Credit Card Industry Trends to Eye in 2016

The credit and debit card industry – and the entire payment processing sector, for that matter – is an evolving field. Let’s look forward to some potential changes and trends for 2016 that will be deserving of your attention.

2016 Credit Card Trends 02

There are certain things that over the long haul, stay relatively similar. The fly swatter’s design hasn’t changed much in decades and probably won’t anytime soon. Neither has toilet paper, for that matter…well, at least according to George Costanza, but not Elaine and Jerry.

But if we’re talking about anything related to computers, telecommunications, or technology in general, you can bet your bottom dollar that it will change – and rather rapidly, at that. The world of credit and debit card transactions and how they are processed is no different. With that in mind, let’s examine a few topics and trends that are bound to be noteworthy in the cards processing industry for 2016.

More Mobile Payments

There’s no denying that we are using our mobile devices and smartphones at an ever increasing rate. In fact, the most popular website in the world, Google, announced that for the first time ever, 2015 saw more searches coming from mobile devices than desktop computers and laptops.

These miracle devices are with us wherever we go, so it makes sense that we as consumers would opt to streamline as much as we can onto them. That includes using them as payment methods, and thanks to Near Field Communication (NFC) technology utilized by Apple Pay, Google Wallet, Samsung Pay, and others, it’s never been easier.

Although the adoption rate of NFC payment technology hasn’t been quite as exponential as some were predicting, it will still be worth being able to offer the option to your customers in 2016. Apple and the other players in this space aren’t going anywhere anytime soon.

More Innovative Rewards Systems

One of the biggest incentives to customers using cards over cash are rewards system. Even a modest 1% cash back on all purchases is better than nothing, but now that rewards systems are expected, companies are competing over who can offer the most appealing paybacks. American Express Blue Cash Preferred is offering an impressive 6% cash back on groceries currently, in addition to 3% cash back on gas and select stores.

But beyond cash back (or airline miles, which are by far the two most popular forms of rewards), look for card issuers to get more creative with the type of rewards they offer. There may be a points system which allows you to accrue points based on dollars spent to redeem for real-life items or travel, or they may be as simple as offering extra cash back on online purchases for those that rely heavily on e-commerce.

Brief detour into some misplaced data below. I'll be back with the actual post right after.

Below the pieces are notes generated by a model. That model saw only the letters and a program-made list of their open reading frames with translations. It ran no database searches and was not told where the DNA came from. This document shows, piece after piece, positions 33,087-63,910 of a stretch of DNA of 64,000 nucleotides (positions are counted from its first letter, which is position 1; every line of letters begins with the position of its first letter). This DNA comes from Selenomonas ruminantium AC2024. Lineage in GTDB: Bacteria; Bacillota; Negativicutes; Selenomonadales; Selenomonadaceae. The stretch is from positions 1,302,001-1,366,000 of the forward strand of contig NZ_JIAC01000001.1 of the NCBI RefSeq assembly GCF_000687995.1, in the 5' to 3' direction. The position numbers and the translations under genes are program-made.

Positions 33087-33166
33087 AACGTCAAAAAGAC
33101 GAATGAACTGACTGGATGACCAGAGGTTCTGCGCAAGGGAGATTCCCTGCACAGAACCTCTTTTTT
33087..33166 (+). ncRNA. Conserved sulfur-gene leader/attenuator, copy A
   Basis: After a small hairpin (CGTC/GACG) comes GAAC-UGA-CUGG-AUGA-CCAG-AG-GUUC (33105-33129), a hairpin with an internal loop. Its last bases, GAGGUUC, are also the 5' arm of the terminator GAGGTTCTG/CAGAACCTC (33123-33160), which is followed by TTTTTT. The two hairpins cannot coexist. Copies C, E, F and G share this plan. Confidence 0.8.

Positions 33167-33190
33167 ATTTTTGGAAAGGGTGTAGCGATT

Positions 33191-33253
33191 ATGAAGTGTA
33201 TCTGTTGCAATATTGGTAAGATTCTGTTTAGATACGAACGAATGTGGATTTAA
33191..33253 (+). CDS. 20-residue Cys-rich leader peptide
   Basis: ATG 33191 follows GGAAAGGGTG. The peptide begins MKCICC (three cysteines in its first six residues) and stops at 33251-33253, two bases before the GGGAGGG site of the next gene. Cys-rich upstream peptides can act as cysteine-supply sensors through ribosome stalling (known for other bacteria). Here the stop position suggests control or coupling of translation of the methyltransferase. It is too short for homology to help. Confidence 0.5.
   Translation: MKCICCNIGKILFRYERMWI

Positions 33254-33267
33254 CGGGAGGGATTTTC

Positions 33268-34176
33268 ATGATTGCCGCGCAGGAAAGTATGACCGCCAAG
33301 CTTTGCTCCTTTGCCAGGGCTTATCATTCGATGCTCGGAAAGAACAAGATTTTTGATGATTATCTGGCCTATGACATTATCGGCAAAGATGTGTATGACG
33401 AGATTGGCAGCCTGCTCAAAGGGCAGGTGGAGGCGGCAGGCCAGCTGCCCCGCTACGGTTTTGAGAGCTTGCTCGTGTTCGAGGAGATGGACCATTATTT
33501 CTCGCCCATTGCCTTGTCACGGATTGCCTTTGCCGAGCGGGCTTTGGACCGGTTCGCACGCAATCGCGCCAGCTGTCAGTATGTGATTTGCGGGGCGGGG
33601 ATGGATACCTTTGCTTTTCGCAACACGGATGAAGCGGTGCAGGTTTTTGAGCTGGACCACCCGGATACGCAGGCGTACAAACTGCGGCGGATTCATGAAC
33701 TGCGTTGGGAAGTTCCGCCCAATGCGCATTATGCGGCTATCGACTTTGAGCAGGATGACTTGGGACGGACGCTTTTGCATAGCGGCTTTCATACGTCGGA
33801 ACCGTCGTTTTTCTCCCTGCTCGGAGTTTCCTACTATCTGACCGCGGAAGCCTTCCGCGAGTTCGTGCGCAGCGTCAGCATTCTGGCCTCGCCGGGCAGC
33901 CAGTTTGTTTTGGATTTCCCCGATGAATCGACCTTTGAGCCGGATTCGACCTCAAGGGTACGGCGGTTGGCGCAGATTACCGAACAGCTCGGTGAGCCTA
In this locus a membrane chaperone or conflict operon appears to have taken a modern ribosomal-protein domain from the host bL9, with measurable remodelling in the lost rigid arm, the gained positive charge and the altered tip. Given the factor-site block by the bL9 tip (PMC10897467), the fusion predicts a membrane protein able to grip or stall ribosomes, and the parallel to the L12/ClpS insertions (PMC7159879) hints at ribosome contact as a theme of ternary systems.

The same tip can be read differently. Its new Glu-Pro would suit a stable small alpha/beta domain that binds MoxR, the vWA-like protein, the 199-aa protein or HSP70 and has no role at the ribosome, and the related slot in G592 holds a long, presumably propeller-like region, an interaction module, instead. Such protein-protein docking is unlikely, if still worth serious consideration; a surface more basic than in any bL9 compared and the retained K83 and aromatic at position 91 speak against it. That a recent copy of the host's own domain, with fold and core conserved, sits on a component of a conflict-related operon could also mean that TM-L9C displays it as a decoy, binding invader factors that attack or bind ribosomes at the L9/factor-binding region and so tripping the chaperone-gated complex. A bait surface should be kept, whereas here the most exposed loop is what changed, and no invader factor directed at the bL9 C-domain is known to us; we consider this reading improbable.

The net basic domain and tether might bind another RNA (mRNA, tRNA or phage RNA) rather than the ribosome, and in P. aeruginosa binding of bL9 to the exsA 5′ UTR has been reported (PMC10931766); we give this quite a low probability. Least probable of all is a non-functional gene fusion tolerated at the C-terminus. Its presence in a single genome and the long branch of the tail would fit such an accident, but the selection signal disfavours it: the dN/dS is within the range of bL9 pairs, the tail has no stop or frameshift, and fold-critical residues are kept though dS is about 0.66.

More Small Businesses than Ever to Accept Cards

This is less of a “trend” per se and more of the inevitable progress of change. As we’ve covered before on our blog, the costs of not accepting credit or debit cards at your small business far outweigh any possible fees or surcharges you may incur from accepting them.

As recently as 2013, approximately two thirds of all point-of-sales (POS) transactions were done with some type of plastic card – either debit, credit, or pre-paid gift. And according to Community Merchants USA, nearly 70% of customers aged 18-34 will only shop at businesses that offer multiple payment options.

There are still some straggling holdouts who are cash-only operations, but moving into 2016 and beyond, they will become much more of a rarity.

More Cashless and Checkless Operations

Dovetailing into our previous point, the amount of businesses that will swing toward the other end of the spectrum and not accept cash or check at all will continue to grow. Many companies both small and large have already made the switch – Southwest Airlines, for example, has been completely cashless since 2008.

The benefits of accepting cards along with cash are clear and well-known – increased likelihood of impulse purchases, making your business more appealing to millennials and younger people, etc. But what are the benefits of going 100% cashless?

For one, you will almost guarantee a faster checkout rate. Depending on your type of business and the volume you see on a daily basis, that can more than make up for any potential lost customers who are insistent upon paying with cash or check. You also make your bookkeeping a bit easier, as every transaction is quickly, electronically, and automatically accounted for. And although it’s a small thing, your register and POS transaction area will be much cleaner when you consider that the average dollar bill has literally thousands of types of bacteria on it.

Want to ensure your business is as future proof as possible? Get the latest card reading equipment and processing from Valued Merchant Services. And if you’re using somebody else for your processing needs, consider this – we guarantee that we can reduce your fees for debit and credit cards, or we will give you $500.

By Chris Del Grande

Top Small Business Trends for 2016

The world of small business is tough enough as it is, but the ever-changing nature of the competitive landscape can make it even tougher. Let’s take a look ahead at what could be some of the biggest trends in the space so you can be prepared.